In my world, this is a very critical position and the person to play there should be able to do three crucial things — mark the ball, start the offence by passing forward and keep and carry the ball as when it’s necessary.
Nkonjera was excellent in winning balls but awful in the other key aspects, his passing was either backwards or sideways, he wasn’t a good ball carrier and neither was he a ball keeper.
Nkonjera became the example of a good Warriors defensive midfielder — a ball marker and many were born out of his example and we have never lacked in that regard.
Tinashe Nengomasha, Esrom Nyandoro, Ashley Rambanapasi and Willard Katsande, who had showed capabilities of ball carrying and ball distribution, changed style to fit the hardman type.
Another puzzle was how Rahman Gumbo was a regular.
One wonders how he became the Dream Team’s creative hub, the playmaker, when he lacked the qualities of a number 10, especially vision and the final pass.
He made his name as a goalscorer, that’s why he was nicknamed Rush, and not as a playmaker.
Naturally-gifted playmakers like Joe Mugabe, Kennedy Nagoli, Kennedy Chihuri, Lloyd Mutasa, Nkulumo Donga and Tavaka Gumbo missed out.
Maybe the highly publicised fallout between Fabisch and Moses Chunga led to redefining or scrapping of the playmaker role in our midfield.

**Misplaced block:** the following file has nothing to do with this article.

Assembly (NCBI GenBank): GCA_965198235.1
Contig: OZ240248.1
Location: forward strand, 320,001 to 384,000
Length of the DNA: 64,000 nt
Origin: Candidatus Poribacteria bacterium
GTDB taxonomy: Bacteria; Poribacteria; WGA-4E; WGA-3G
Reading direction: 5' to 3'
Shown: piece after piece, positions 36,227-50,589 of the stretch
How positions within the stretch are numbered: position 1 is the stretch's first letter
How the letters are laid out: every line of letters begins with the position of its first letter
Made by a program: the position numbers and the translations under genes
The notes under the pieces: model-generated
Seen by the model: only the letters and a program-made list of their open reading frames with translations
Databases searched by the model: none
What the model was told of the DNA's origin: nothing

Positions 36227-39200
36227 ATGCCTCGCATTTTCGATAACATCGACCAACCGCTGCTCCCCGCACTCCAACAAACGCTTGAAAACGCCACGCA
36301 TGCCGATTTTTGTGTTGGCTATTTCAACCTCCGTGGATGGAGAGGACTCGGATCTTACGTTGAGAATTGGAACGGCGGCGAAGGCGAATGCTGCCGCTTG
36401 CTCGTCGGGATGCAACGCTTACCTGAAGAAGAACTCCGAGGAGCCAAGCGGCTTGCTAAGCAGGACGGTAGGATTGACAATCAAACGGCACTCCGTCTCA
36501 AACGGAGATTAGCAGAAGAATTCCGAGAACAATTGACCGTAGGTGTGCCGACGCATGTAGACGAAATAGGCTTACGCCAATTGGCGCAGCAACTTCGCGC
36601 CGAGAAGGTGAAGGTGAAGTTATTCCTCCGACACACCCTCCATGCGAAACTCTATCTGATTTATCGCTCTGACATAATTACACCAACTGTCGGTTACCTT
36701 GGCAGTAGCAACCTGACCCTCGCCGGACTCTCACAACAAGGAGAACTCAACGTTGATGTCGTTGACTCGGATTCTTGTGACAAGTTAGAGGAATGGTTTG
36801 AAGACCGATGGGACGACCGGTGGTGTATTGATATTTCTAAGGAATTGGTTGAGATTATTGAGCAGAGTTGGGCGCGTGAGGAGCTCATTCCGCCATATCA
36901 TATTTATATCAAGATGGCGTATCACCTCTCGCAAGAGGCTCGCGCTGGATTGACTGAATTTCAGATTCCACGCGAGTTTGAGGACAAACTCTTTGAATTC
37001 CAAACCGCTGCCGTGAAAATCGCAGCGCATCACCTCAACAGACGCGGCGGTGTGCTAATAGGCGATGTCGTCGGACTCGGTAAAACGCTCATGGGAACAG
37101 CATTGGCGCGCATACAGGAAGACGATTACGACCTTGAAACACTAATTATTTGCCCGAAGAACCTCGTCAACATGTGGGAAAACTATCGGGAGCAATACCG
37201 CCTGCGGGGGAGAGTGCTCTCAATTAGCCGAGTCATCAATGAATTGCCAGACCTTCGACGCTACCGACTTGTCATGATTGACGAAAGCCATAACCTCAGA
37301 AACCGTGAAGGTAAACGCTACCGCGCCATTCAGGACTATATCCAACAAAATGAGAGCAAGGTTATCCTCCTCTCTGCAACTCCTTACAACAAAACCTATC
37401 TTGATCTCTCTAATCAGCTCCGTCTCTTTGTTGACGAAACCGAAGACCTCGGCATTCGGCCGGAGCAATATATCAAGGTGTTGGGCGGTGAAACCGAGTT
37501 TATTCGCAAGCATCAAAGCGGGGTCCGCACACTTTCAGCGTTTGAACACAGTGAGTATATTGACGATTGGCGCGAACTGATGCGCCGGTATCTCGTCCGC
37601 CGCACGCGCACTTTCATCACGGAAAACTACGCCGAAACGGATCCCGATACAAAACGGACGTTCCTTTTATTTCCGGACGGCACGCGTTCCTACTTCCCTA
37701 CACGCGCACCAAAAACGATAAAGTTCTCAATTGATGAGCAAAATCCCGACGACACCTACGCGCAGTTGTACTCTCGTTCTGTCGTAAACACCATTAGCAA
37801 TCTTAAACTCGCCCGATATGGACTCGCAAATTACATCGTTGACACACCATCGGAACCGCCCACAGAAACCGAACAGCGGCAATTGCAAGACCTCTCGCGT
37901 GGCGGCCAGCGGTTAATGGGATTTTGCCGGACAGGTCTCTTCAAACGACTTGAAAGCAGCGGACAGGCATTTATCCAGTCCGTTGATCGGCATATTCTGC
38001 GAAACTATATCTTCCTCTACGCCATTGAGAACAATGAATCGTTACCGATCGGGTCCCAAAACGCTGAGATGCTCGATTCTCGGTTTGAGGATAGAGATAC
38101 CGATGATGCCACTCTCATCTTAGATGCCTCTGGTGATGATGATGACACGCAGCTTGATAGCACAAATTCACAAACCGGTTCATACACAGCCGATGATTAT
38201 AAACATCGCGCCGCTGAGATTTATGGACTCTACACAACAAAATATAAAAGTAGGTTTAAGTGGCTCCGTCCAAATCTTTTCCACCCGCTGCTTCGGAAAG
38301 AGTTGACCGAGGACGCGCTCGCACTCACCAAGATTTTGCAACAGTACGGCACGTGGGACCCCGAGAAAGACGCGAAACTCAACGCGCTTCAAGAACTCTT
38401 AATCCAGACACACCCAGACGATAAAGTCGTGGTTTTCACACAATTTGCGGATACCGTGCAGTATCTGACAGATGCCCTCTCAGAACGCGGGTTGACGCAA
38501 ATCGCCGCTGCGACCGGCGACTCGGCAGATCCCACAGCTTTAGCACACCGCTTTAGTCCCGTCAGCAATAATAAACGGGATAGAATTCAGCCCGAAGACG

Since then, it has been the missing link for the Warriors, save for a short period when Johannes Ngodzo came onto the scene before that horrible injury.
Fabisch transformed a well-shaped and well-balanced team — steady defence, mobile and creative midfield and hungry and lethal strike force, the one that walloped South Africa 4 -1, into a one-dimensional side, all defensive, a non-existent midfield and a sporadic strike force.
Some will argue of there was progress but without losing a match, they still failed to qualify for the Nations Cup.
Because, they were a team built not to lose and, if possible, try and win.
From scoring four against Bafana Bafana, we were now struggling to score more than two against Mauritius and Fabisch was to blame.
He seduced most of us but he was the weak link in our best team ever. The Herald